Saturday, November 28, 2020
Subscribe to Small Business Monthly
Small Business Monthly on Facebook Small Business Monthly on Twitter Small Business Monthly on LinkedIn

SBM Articles

 Search

Performance Improvement Through Better Management

by Laurie Griffith

How often do you think about performance and the way in which it is managed in the workplace? If you’re an employee, you most likely think about it every day. You ask yourself: How am I performing? How is my manager communicating that with me? Do I know what to expect when I receive my review? And the list goes on.

And then there are managers and business owners for whom performance management is top of mind only once a year right around annual review time. For businesses small and large, performance management is one of the most important organizational processes, yet according to Janet Brennan, it’s far too often poorly managed. Such a statement might come off as negative. However, if you have the chance to meet Brennan, you will realize it’s quite the opposite. Her entire professional career has been committed to improving the lives of employees by positively affecting companies’ performance management processes. She has been in HR for nearly 30 years and has spent the past 10 years running her own HR consulting agency. Brennan decided to venture out on her own in order to do what she loves: help small businesses improve their HR processes.

Why is performance poorly managed so often? One reason is that many organizations have the same process they had 30 years ago. Organization leaders don’t tackle their outdated performance management process because it’s overwhelming. Most perceive a performance evaluation overhaul as a daunting, behemoth task that one can’t possibly change or improve for an entire organization. However, it’s not so daunting. As Brennan puts it, “performance management is an opportunity, not a task.” She explained that as you improve the way in which you manage and communicate performance, the better off your organization will be. You will see improvements in many areas, including retention, loyalty, happiness and, maybe most important, business results.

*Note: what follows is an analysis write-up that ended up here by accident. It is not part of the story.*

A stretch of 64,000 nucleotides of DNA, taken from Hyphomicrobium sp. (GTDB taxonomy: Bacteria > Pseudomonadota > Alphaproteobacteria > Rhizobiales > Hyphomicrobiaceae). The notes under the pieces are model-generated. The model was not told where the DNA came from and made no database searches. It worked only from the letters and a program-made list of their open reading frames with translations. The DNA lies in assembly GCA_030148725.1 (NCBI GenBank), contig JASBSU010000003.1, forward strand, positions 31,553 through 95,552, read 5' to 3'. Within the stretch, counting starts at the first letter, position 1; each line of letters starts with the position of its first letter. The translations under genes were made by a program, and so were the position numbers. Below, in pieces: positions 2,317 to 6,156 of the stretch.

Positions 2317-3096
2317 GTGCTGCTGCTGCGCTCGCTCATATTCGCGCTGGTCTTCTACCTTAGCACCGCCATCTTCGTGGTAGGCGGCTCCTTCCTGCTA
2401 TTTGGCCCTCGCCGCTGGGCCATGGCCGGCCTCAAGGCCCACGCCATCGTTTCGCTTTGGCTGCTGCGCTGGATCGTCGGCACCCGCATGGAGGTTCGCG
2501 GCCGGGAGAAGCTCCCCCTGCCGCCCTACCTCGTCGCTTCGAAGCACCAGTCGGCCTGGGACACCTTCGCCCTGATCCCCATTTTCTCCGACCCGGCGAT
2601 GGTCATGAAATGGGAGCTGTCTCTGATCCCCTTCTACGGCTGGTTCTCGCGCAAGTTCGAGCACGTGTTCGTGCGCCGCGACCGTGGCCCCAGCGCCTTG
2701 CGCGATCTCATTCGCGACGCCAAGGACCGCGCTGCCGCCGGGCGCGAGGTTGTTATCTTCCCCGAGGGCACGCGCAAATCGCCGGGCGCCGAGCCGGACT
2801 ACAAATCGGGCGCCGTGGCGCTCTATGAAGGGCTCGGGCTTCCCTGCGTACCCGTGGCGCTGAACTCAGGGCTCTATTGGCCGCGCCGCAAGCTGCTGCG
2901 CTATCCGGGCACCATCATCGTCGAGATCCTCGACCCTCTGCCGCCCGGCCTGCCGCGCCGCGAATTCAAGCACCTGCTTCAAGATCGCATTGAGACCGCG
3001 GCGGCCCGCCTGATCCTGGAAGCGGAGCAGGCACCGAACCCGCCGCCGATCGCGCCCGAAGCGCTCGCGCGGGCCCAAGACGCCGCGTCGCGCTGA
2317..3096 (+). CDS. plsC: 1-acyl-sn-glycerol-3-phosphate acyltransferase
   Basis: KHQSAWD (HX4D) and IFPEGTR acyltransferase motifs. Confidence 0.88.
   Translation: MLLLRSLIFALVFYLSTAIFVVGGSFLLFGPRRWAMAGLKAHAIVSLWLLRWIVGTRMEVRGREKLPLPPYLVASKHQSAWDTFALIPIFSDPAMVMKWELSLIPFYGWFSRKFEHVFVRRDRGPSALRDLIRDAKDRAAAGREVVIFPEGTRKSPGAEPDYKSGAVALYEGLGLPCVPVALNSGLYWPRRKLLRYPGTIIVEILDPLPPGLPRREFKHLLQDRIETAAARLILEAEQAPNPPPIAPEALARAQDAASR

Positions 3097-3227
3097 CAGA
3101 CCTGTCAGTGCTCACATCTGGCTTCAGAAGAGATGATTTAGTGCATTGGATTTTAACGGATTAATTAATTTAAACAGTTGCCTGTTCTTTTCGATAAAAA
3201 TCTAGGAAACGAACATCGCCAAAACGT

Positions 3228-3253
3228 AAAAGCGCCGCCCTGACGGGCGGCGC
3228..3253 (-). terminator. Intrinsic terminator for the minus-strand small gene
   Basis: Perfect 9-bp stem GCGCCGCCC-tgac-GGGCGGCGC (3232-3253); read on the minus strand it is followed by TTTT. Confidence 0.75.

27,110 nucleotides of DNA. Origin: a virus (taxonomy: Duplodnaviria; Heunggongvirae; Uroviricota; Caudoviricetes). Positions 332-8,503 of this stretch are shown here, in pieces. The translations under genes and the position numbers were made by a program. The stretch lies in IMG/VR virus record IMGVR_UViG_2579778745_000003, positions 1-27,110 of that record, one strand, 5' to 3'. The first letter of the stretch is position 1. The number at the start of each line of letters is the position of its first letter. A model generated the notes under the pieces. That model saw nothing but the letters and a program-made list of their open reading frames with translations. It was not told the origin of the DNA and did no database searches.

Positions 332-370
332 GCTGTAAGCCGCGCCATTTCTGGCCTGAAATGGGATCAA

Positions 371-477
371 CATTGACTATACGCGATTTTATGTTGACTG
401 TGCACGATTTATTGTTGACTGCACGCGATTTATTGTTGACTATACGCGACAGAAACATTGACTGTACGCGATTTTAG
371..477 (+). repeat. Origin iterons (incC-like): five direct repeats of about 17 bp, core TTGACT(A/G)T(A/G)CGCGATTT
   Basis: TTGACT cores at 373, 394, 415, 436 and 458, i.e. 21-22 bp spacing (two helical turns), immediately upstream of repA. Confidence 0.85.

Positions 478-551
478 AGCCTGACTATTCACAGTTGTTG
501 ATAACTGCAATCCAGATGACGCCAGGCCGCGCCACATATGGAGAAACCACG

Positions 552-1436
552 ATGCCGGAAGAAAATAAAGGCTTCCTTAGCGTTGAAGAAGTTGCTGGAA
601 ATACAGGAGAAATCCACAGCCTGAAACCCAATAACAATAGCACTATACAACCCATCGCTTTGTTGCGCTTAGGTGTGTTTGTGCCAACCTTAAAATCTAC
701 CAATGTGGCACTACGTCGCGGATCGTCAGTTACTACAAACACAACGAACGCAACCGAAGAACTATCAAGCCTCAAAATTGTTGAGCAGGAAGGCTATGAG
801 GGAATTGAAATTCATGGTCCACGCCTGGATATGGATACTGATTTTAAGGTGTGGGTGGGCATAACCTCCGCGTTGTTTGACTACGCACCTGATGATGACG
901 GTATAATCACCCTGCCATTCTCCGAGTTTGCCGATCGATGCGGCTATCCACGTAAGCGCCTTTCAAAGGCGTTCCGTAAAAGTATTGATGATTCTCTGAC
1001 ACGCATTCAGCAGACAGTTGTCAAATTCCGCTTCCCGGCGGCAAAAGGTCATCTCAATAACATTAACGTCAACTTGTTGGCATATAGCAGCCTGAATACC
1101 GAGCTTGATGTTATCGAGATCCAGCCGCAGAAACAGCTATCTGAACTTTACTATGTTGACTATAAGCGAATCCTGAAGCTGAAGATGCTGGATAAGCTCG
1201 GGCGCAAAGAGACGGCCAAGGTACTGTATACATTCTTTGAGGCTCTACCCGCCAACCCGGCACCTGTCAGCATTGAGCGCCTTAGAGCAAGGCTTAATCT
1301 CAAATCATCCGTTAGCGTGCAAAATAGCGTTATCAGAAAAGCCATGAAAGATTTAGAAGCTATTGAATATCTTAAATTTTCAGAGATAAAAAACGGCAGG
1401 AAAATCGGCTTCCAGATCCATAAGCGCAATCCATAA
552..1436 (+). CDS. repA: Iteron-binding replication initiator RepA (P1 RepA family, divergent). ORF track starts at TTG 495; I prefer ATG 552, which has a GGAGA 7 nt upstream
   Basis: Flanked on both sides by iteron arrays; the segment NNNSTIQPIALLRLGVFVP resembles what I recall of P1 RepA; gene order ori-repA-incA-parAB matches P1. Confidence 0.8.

It takes time to build an organization that manages its people in a way that facilitates success and growth. However, there are things you can consider and take action on tomorrow, and we want to share those with you:

1. It’s more than a once-a-year eventBrennan couldn’t say it enough times: “Good performance management is a process that helps managers communicate with their direct reports throughout their careers, and it’s an ongoing area to address rather than a once-a-year event.” Far too often, managers make the mistake of communicating project feedback at the end of a project and overall performance feedback once a year during a formal review. Brennan argues that you must communicate along the way. Employees care about how they are performing, and nothing is more detrimental than a disconnect between employee and manager regarding performance.

2. It’s formal and informal.It’s a combination of informal conversations and formal events. The formal piece of the equation is usually provided through a process managed by company leaders. It’s the informal conversations that are usually missing. As a manager, you have to be consciously and continuously communicating with your direct reports on how they are doing and what you expect of them.

3. Invest in a process … then invest in training. As you put time and resources into changing the process, you must also commit to training your managers. You won’t have effective performance management reform without both. You may have a stellar process, but if you have a manager that communicates everything incorrectly, the employee will have an overall negative experience.

These are just a few ideas to keep in mind as you evaluate the way in which your company manages performance. Join us at the next Sharp and On Point Speaker Series on Tuesday, July 18, 2017, from 7:30 to 9 a.m. at the Lodge Des Peres, where Janet Brennan, president at Brennan HR Group Inc., will share her insights into performance management and how to positively impact employees and managers. To reserve your seat or for more information, visit www.lopataflegel.com.

Laurie Griffith is a principal at Lopata, Flegel & Co. Accountants and Management Consultants. The Sharp and On Point Speaker Series is a free event at the Lodge Des Peres sponsored by Lopata. Learn business strategies you can immediately put in place to point your business in the right direction. For more information, visit www.SharpAndOnPoint.com.


Submitted 3 years 153 days ago
Tags:
Categories: categorySharp & On Point
Views: 1524
Print